Brown Vows ‘Hell of a Fight’ Against Efforts to Protect Wall Street Banks that Cheat Customers

Senator Slams Attempt to Block Arbitration Rule

WASHINGTON, D.C. — U.S. Sen. Sherrod Brown (D-OH) – ranking member of the U.S. Senate Committee on Banking, Housing, and Urban Affairs – vowed today to fight efforts to overturn the Consumer Financial Protection Bureau’s arbitration rule. Wall Street banks and predatory payday lenders use fine print clauses known as ‘forced arbitration’ to deny consumers access to the justice system after they’ve been cheated. Notably, Wells Fargo has used forced arbitration clauses to prevent defrauded customers from taking them to court over fake accounts that were brought to light last year.

The Consumer Protection Bureau’s rule would block financial institutions from using forced arbitration and guarantee consumers the right to their day in court. More than 300 organizations that advocate for civil rights, consumers, veterans, students, and seniors have written in support of the rule.

“Almost a year after millions of fake accounts were uncovered, Wells Fargo is still using fine print arbitration clauses to cheat those customers out of the justice they deserve. Overturning the arbitration rule will help banks and payday lenders continue getting away with cheating customers, and I intend to put up one hell of a fight,” Brown said. “Wall Street banks and payday lenders have armies of lobbyists and lawyers on their sides. Our job is to fight for the servicemembers, student borrowers, seniors, and hardworking Americans who depend on the Consumer Financial Protection Bureau to look out for them.”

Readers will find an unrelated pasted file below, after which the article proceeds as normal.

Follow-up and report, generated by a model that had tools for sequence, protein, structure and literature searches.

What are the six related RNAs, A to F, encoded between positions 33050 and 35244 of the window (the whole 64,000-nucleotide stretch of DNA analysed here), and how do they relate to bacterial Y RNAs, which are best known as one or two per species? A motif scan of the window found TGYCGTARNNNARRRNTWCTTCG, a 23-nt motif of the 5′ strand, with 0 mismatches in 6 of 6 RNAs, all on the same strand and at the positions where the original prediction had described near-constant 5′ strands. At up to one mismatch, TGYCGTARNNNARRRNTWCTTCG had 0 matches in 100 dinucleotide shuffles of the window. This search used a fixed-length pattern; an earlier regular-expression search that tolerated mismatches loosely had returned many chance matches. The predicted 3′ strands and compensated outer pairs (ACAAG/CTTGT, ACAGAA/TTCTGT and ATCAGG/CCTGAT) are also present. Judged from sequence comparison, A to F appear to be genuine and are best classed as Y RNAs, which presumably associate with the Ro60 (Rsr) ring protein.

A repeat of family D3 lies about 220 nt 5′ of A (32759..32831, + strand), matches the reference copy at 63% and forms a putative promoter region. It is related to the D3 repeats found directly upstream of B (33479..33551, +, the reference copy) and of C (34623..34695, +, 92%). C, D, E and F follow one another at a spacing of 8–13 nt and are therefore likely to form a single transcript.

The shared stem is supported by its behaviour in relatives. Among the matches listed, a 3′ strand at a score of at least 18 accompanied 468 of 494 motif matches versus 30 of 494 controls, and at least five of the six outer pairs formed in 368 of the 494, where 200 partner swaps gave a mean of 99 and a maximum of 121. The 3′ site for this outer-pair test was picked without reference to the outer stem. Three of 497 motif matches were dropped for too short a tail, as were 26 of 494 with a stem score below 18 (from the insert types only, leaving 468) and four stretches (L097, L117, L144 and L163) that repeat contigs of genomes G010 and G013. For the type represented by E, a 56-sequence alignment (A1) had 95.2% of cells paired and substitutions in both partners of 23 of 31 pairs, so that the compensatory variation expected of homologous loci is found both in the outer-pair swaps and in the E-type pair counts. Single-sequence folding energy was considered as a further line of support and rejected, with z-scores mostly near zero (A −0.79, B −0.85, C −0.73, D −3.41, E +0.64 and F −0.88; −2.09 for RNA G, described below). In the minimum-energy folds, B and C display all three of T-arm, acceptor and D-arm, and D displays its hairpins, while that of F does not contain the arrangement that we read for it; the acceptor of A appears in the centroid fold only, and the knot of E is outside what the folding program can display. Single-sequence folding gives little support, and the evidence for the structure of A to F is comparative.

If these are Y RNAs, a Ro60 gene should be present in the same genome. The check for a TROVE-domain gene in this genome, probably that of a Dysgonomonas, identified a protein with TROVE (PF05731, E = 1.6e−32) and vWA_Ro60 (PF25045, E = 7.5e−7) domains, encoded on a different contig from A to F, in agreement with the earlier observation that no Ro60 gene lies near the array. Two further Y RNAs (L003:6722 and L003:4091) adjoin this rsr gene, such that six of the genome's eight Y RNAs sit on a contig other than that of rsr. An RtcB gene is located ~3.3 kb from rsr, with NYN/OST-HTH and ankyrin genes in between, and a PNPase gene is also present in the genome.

The arbitration rule is already under attack by President Trump’s Acting Comptroller of the Currency Keith Noreika – a former lawyer for Wells Fargo who has written two letters to the Consumer Protection Bureau’s Director Richard Cordray trying to undermine the rule. Brown wrote Noreika a letter Tuesday asking Noreika to provide documentation and analysis that supports OCC’s claims, and to explain why the OCC failed to raise any concerns during the two-years-long rulemaking process. Noreika’s response revealed that he has no evidence of a threat to safety and soundness, consistent with the position the OCC has taken during the last two years of rulemaking. House and Senate Republicans have also vowed to protect bank interests and overturn the rule through the Congressional Review Act.  

Brown has urged the Consumer Protection Bureau to protect consumers’ right to be heard by a judge. He is leading legislation in the Senate that would give defrauded Wells Fargo customers their day in court. 

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